jlouis
27. november 2012 - 16:55

A very common thing that crops up now and then is the question in the title. What is fastest for editing text, the keyboard or the mouse? The answer which is an often quoted answer is an older "Ask Tog" article[1a, 1b, 1c]. They come up again and again in these discussions and then the keyboardists battle it out against the mouse-zealots.

Sebbe
31. oktober 2012 - 16:22

Next time you typeset a LaTeX document, where you discuss some Haskell code, consider using the following command to typeset the name:

% To be added to your preamble:

\usepackage{hyperref}
% Format function name and link to it on Hoogle
\newcommand{\hoogle}[1]{\href{http://www.haskell.org/hoogle/?hoogle=#1}{\texttt{#1}}}

That is, instead of I use the function \texttt{liftM2} to lift ..., use I use the function \hoogle{liftM2} to lift ....

jlouis
29. oktober 2012 - 20:26

The following were the initial research requirements for Erlang when they sat out to investigate a new language for telecom[0] (link at the bottom). It is in the thesis written by Bjarne Däcker, and I think it would be fun to scribble down my thoughts on the different requirements. My view may very well differ from the original views, since I came into the world of Erlang pretty late.

jlouis
13. august 2012 - 21:39

To most programmers, the computer is a universal machine in a specific sense. We know, that if we can figure out a program for a problem, we can get any computer to solve that specific problem. We also know, by the rules of computability, that any (common) computer in our usual sense of the term is equivalent. They can solve the same problems and mostly differ in how fast they can solve it or how large a problem they can feasibly work on.

jlouis
10. august 2012 - 18:38

On Curiosity and its software

I cannot help but speculate on how the software on the Curiosity rover has been constructed. We know that most of the code is written in C and that it comprises 2.5 Megalines of code, roughly[1]. One may wonder why it is possible to write such a complex system and have it work. This is the Erlang programmers view.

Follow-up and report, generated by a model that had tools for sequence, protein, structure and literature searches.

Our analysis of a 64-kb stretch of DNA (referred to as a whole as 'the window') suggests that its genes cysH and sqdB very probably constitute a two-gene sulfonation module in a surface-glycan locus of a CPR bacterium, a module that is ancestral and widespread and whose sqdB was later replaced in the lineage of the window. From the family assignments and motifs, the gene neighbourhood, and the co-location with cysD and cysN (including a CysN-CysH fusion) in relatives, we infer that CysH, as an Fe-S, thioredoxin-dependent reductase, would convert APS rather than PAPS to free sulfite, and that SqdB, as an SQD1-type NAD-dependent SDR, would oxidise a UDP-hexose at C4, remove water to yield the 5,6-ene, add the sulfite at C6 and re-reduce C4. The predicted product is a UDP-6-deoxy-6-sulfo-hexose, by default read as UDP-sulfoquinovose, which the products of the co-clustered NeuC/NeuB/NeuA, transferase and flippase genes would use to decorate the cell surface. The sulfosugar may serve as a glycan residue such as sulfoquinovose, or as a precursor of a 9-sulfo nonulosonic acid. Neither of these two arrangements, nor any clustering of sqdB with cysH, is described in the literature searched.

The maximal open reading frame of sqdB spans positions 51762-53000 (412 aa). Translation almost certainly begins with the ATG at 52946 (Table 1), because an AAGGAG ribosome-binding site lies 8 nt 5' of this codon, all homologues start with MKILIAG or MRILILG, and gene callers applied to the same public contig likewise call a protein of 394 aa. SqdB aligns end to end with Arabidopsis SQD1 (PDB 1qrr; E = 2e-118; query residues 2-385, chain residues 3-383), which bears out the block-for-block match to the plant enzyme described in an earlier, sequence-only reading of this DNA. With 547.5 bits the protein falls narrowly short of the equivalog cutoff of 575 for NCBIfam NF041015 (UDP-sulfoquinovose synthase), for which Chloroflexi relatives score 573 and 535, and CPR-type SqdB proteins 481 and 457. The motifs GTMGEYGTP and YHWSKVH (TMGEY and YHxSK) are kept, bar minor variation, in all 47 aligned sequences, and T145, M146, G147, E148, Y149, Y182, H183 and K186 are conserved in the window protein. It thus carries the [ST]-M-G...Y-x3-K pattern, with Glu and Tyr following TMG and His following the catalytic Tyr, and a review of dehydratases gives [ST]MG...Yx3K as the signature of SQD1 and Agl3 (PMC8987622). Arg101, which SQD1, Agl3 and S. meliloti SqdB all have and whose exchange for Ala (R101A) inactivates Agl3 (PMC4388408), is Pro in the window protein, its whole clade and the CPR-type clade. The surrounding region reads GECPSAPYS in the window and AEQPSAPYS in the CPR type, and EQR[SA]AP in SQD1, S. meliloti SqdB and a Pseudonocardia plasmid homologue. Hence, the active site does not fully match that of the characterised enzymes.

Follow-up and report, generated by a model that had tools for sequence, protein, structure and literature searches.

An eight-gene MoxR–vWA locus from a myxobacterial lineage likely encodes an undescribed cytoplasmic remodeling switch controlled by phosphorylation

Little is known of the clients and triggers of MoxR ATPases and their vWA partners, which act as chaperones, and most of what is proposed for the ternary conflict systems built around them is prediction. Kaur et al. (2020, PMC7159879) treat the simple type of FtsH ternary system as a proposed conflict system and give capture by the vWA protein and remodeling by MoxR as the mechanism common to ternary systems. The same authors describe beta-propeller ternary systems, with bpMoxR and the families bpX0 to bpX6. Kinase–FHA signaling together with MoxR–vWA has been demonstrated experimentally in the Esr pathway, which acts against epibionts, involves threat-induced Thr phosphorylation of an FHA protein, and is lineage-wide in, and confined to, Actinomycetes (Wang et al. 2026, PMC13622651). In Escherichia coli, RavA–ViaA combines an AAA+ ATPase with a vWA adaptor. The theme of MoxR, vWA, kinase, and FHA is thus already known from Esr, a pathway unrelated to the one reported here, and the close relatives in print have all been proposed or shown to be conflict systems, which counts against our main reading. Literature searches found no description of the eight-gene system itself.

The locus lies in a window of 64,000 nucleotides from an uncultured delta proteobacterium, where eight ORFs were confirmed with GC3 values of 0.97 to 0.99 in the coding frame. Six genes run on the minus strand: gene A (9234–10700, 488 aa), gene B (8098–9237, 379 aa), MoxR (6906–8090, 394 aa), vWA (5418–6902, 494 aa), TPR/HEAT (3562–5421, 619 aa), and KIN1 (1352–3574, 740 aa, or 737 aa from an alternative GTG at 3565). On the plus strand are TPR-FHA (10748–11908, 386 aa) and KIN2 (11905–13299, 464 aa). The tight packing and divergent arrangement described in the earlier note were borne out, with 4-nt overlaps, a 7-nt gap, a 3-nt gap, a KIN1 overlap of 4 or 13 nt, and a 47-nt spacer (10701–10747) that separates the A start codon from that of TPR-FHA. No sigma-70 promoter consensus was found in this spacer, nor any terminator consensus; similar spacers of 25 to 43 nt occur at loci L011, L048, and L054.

Rasmus
11. juni 2012 - 12:03

Hej Dikutal

Jeg er medlem af arbejdsmiljøudvalget på diku og er således med til at granske planerne for det nye NBSP. Vi har her til morgen fået udleveret dispositionsforslaget (hvilket er første fase i det egentlige byggeprojekt) og skal derfor til at se de konkrete planer igennem og vurdere om alt er som det skal være.

jlouis
9. juni 2012 - 14:14

One interesting view on Erlang is that it is not really about functional programming that much. With the right kind of glasses on, the functional programs are just what is going on inside the processes of the Erlang program. This may be interesting, but to the outside user of the process, you can't discriminate what the inside looks like.

jlouis
10. maj 2012 - 22:04

One important key aspect of Erlang programs is to identify where your Stable state is in the program.  Stable state is what you can trust. What you can trust is what you can build on. Joe Armstrong defines one of the key aspects of an Erlang system as Stable Storage. A place where we can push data and be sure it won't change. If we verify data before pushing, we can trust those data a great deal.

Sebbe
20. april 2012 - 14:25

skema.ku.dk

So you’re a student at the University of Copenhagen, and you’re starting on a new course. Wouldn’t it be lovely if you could add your schedule to your calendar, so that you could keep track of when to be where?

oleks
23. marts 2012 - 19:46

At the University of Copenhagen in general, and in my view, at the department of Datalogy in particular, there seems to be a common sense of pure and utter hatred towards the digital university administration systems (and in some ways,
administration in general). This holds for the student and employee management system, KU-Net, but by far much more so for the unified course management system, Absalon.